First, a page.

About his host during his UI visit:
"Guy Reynolds. I didn't know him - his senior year was my freshman year, and they played my school. His school's a powerhouse down here, I didn't know of him but I knew of his school. We started talking and we clicked really well."


About his other offers and what tilted him towards the University of Idaho:
"I had offers from Texas Tech, ASU, Montana, and LSU. I think that U of I is not the "big name" school, but I could care less about publicity and all that stuff, it's more about what is going to fit for me and help me be successful. U of I really helped with that. And also, I know I'm going to college to play sports, but in reality it's for an education. I think at the University of Idaho I can get a really solid education, especially with my major – journalism. They have a really good journalism program.

"It felt good, it felt comfortable, and it felt like home. It felt like had known these guys forever. It's just a good feeling down there, and that's where I was going to end up."


About whether the offers were for football, track, or both:
"ASU was for football and track. Texas Tech was for track. LSU was for track."


About the players he met while visiting Idaho:
"I met James Baker, the JC kid. I met Brian Reader, the quarterback, and then me and Chad [Chalich] and Addison Palomino we all hung out for the most part."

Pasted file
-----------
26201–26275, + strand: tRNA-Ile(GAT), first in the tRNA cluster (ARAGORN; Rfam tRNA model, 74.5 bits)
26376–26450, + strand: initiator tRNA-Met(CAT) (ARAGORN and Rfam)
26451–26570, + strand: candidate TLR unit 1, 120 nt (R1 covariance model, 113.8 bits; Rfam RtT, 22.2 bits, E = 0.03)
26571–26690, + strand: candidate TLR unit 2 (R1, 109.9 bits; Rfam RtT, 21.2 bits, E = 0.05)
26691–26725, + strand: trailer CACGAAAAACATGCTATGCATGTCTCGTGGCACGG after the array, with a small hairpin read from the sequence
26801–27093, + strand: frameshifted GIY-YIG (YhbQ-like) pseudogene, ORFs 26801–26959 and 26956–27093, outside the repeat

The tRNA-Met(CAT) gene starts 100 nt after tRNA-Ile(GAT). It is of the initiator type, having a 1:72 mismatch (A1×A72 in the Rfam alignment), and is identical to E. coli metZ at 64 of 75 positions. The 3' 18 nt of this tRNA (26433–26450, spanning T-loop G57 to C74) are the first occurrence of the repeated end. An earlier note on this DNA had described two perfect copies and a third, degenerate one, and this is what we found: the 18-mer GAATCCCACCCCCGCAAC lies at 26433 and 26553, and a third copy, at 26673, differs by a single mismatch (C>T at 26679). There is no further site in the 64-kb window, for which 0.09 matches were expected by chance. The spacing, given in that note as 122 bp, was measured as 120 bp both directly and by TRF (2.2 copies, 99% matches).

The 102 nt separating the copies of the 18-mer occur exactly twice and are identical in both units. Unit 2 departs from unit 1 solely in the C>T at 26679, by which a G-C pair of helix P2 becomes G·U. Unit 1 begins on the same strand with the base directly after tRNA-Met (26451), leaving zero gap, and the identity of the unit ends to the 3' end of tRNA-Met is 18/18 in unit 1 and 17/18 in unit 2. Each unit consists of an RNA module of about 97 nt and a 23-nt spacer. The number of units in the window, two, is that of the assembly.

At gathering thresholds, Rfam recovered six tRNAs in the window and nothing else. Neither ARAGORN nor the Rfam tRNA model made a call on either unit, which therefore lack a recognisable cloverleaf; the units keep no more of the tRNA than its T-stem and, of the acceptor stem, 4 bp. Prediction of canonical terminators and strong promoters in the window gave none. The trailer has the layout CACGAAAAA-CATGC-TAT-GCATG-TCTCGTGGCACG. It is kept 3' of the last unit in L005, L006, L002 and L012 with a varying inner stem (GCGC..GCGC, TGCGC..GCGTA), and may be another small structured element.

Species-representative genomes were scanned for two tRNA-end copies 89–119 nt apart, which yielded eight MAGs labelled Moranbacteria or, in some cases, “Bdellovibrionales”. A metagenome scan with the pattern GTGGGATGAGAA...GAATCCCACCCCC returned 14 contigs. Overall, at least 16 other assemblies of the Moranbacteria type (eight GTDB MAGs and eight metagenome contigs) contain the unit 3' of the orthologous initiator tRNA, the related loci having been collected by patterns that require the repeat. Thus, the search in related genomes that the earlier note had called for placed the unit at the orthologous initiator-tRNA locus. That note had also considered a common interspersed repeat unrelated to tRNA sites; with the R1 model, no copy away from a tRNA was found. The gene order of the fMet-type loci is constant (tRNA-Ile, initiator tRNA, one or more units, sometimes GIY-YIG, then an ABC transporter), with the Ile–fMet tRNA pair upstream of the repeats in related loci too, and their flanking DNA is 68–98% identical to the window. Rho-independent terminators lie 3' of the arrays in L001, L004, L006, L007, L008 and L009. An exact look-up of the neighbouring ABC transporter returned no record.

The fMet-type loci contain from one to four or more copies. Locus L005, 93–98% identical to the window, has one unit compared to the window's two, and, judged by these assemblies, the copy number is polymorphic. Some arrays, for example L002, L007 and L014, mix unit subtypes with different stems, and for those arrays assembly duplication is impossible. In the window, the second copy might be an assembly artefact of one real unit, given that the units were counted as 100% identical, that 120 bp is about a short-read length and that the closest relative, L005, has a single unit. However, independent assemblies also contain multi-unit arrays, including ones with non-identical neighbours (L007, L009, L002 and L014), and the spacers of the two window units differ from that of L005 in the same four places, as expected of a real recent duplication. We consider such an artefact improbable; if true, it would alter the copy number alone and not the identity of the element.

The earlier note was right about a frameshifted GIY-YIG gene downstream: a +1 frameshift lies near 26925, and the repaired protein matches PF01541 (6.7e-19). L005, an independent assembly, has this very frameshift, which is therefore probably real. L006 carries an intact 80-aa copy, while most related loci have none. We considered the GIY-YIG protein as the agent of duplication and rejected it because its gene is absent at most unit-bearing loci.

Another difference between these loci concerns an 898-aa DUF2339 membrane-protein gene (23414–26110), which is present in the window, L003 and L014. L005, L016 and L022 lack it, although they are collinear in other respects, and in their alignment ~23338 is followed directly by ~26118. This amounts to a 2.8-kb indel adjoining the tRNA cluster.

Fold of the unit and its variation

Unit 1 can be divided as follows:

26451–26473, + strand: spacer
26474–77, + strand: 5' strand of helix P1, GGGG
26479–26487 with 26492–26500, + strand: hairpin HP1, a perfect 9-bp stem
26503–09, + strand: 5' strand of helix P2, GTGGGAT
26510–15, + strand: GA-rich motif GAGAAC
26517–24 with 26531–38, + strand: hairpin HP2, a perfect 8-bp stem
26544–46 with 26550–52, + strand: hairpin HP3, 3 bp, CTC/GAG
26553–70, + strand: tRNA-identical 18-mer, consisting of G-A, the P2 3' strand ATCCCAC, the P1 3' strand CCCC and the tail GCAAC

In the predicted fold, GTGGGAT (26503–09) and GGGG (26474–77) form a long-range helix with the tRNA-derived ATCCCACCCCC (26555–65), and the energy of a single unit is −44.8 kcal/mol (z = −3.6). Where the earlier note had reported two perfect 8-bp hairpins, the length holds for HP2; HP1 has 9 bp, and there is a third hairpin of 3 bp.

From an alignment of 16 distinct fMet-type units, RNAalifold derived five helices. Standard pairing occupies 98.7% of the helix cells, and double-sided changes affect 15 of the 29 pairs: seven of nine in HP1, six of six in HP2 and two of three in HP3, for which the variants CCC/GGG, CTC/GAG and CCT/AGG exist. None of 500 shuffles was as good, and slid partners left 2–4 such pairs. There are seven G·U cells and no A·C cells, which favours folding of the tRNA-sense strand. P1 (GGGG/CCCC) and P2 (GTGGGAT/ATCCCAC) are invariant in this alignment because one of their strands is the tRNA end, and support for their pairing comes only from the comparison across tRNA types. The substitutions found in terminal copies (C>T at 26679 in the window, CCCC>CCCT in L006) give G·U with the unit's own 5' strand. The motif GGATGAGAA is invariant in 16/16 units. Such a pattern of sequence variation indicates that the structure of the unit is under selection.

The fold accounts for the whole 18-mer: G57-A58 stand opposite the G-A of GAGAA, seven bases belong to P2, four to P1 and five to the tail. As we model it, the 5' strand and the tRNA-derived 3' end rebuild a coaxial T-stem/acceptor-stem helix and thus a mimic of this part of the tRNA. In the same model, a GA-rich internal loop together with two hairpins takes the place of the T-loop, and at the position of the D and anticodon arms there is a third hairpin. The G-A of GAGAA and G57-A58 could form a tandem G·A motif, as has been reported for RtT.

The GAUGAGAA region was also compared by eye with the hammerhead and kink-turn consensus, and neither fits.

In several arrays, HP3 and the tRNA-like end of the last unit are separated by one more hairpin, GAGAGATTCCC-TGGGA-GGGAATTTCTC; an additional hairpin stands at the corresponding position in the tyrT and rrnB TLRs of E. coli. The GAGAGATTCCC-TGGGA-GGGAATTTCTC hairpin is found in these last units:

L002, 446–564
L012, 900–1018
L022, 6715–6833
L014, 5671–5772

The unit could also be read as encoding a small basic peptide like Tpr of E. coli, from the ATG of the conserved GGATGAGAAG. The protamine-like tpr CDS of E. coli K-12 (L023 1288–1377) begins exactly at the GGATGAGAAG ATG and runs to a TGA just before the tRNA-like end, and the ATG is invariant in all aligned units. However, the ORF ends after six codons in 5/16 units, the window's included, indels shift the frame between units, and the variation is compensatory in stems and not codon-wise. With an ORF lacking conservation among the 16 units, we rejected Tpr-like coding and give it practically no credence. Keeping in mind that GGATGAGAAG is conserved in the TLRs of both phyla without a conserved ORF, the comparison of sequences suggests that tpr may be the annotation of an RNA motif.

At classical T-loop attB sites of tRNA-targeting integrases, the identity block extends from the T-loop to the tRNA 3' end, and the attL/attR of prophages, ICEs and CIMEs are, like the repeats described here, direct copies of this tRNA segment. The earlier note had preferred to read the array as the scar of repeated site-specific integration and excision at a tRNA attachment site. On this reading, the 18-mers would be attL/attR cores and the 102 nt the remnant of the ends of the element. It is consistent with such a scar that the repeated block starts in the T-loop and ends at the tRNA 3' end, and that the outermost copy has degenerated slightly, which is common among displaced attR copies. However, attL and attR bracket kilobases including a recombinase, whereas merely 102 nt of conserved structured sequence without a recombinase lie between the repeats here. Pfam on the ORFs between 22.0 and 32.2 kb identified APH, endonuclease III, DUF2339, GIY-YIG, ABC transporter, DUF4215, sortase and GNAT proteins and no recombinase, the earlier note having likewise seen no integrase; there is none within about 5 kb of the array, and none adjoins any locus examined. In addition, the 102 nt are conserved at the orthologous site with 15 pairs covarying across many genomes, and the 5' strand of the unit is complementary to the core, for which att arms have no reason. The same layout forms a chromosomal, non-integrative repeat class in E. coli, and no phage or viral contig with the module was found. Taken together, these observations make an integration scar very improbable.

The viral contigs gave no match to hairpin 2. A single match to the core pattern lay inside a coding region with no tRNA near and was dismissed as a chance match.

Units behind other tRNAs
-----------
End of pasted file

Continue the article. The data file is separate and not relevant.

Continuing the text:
About whether he was friends with any current players:
"I don't know any current players, but Ron Mallory went to my high school. I knew Ron, but other than that I didn't know anybody."


About telling coach Akey, and his reaction to the news that he was committing to Idaho:
"I called him three days after the visit, and I called and said ‘Hey coach, I'm just calling to let you know I'm going to be a Vandal.' And actually it was right in the middle of a staff meeting and they were all fired up about it. It was a good feeling after I committed – like I did what was right and what was best for me."


About the position(s) he is being recruited to play at Idaho:
"I'll be running back, and then aside from running back I'll motion into slot, and different positions also."


About his strengths as a football player, and what he brings to the gridiron:
"Personally, I think my strengths are my vision and the speed that I have. I think that will help a lot. I know that I have to get bigger and I have to get stronger, I think those are my biggest weaknesses right now. I think once I figure everything out, get bigger and stronger, everything else will take care of itself."


About who he models his game after on the college and pro level:
"No, not really. A lot of people say that I'm going to be like Maurice Jones-Drew and all that stuff. But his body is a lot different than mine, a lot thicker in the lower body than I am. So, I don't really model myself after anybody."


About redshirting and his immediate plans for this fall:
"Coach Akey said I probably won't redshirt. He felt like I could play right now, but we'll see after camp. He said after a few days in camp we'll see how things are going. If things are going good, he said there's no need for me to redshirt if I can make plays – that I can play right now."


About his aspirations to compete in track at the collegiate and Olympic level:
"Actually I qualified for the B trials for the Olympics my junior year. To go to the A trials I have to run a 10.18, and I ran a 10.34 as a junior. So, it's a possibility; it's something I'm shooting for. If the opportunity presents itself, I think I will take it and see how far that goes."


About whether he will be joining the Idaho track team:
"Yeah. My events are the 100, 200, 400, and 4x100 and 4x400 relays."